After years of boredom in her rural South Carolina town, Maria is thrilled when her father finally allows her to visit her estranged artist mother in New York City. She’s ready for adventure, and she soon finds herself immersed in a world of rock music and busy streets, where new people and ideas lie around every concrete corner. This is the freedom she’s always longed for—and she pushes for as much as she can get, skipping school to roam the streets, visit fancy museums, and flirt with the cute clerk at a downtown record store.
But just like her beloved New York City, Maria’s life has a darker side. Behind her mother’s carefree existence are shadowy secrets, and Maria must decide just where—and with whom—her loyalty lies.
I picked up this book for the title and cover, for most people my generation a mix-tape brings back fond memories. I didn’t really feel like the blurb gave many details about the book so I wasn’t sure what to expect, and unfortunately the first 100 pages dragged and dragged for me. I put the book down at one point expecting to DNF, although I ended up finishing when I was caught with no wi-fi and no other new books downloaded on my eReader.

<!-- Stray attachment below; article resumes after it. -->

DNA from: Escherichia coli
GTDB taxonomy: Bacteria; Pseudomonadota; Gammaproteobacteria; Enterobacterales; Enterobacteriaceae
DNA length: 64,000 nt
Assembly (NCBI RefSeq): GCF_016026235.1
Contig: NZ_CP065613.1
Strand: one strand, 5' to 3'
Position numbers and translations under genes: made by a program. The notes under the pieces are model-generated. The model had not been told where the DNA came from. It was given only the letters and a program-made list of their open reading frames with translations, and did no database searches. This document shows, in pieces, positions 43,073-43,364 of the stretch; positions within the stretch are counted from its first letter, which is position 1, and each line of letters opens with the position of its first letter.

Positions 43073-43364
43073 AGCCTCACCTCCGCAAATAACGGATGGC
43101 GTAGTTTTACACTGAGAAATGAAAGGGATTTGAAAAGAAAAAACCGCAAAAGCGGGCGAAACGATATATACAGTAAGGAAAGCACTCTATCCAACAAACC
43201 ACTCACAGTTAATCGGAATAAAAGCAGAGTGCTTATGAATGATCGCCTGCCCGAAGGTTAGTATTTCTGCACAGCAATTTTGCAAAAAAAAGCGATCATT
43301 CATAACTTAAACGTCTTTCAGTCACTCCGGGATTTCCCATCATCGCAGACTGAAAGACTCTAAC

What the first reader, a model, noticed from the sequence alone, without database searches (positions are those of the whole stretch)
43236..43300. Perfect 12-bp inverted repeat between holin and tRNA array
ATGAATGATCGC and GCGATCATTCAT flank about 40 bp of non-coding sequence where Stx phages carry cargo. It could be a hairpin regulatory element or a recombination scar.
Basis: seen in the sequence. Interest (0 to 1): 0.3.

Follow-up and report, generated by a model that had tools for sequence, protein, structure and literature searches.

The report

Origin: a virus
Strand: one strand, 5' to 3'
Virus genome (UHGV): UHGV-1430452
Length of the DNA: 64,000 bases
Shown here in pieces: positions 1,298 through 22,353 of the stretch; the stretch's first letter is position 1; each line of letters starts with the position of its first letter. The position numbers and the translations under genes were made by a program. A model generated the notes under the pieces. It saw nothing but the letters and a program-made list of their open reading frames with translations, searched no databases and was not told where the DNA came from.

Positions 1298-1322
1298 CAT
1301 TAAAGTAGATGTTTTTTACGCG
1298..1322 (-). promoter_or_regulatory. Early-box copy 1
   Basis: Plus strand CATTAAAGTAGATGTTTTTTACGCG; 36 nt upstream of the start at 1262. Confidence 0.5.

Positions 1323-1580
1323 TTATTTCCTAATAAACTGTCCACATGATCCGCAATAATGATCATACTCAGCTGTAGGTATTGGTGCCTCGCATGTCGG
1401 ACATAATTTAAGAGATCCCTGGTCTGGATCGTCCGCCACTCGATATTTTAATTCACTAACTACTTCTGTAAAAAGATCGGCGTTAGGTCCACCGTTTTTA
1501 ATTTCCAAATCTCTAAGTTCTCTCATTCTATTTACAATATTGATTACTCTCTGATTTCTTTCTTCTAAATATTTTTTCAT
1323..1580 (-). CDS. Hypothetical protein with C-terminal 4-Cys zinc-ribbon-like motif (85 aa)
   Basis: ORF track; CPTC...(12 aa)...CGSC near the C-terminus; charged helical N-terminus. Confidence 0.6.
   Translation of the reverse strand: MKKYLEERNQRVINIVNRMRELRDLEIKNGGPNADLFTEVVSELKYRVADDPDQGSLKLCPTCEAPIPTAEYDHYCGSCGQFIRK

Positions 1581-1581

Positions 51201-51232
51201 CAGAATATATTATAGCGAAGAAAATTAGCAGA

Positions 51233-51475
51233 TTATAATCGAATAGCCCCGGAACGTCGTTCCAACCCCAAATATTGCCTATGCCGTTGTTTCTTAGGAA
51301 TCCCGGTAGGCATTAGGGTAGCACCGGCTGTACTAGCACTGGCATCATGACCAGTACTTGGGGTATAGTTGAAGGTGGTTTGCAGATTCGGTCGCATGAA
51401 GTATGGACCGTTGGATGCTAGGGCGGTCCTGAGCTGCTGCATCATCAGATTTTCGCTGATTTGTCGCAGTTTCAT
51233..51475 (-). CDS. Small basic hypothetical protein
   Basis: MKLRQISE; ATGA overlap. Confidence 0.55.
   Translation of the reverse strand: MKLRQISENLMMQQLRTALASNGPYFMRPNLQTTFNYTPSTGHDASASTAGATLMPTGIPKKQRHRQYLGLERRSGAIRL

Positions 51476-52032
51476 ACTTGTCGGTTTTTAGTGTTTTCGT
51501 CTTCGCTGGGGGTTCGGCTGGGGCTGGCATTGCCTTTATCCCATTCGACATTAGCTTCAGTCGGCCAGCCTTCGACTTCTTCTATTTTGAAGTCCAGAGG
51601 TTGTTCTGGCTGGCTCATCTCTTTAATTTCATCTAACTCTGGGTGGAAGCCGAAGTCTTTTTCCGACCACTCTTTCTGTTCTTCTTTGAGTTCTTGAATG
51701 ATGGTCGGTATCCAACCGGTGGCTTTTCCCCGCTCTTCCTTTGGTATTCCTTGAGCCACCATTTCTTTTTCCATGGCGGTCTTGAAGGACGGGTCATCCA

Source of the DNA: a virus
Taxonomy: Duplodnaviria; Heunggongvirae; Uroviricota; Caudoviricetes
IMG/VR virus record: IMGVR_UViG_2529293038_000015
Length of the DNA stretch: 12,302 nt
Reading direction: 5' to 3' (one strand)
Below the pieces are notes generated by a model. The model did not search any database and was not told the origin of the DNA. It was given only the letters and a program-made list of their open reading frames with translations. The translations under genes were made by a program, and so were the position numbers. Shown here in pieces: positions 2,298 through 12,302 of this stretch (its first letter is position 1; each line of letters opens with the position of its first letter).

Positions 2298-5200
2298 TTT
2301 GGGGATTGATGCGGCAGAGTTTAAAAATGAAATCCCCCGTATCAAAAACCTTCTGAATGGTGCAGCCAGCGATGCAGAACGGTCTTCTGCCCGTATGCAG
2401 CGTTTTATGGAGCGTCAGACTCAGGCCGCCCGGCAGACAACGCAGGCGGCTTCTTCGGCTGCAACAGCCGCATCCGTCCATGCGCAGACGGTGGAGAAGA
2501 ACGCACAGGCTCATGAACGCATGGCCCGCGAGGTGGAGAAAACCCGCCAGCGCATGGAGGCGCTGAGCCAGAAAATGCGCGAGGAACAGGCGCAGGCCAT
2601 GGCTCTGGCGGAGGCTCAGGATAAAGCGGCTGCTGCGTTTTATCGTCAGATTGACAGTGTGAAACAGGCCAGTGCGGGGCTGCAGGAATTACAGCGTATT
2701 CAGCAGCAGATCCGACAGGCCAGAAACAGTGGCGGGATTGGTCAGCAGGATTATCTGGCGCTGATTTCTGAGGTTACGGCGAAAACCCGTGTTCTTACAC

I didn’t find the characters especially memorable, as I said it took me at least 100 pages before I really felt any connection with Maria at all. I felt like the story of a teen moving from small town America to NYC could be a lot of fun, but unfortunately her personality fell flat. Her mother to me was absolutely horrendous and the boy-interest for Maria had very little impact on me as well. I did love Travis, the mothers much younger boyfriend. In the early parts of the book, he was the only thing that kept me reading. I was dying to know what his deal was.
The one redeeming thing about this story were the secrets that were lurking in the shadows. I have to admit there were two specifics that I was holding out hope that they would make this book great for me, I really wanted to love reading this. Unfortunately? The ending fell on it’s face. I just felt completely unfulfilled and wished that I had put down the book earlier.
Supergirl Mixtapes had a lot of potential for me, set in New York during the 1990’s and based around music. Unfortunately, there just wasn’t a connection for me. Meagan Brothers writing style is simple, yet flows well once it picks up pace. I would definitely be interested in reading more from her in the future.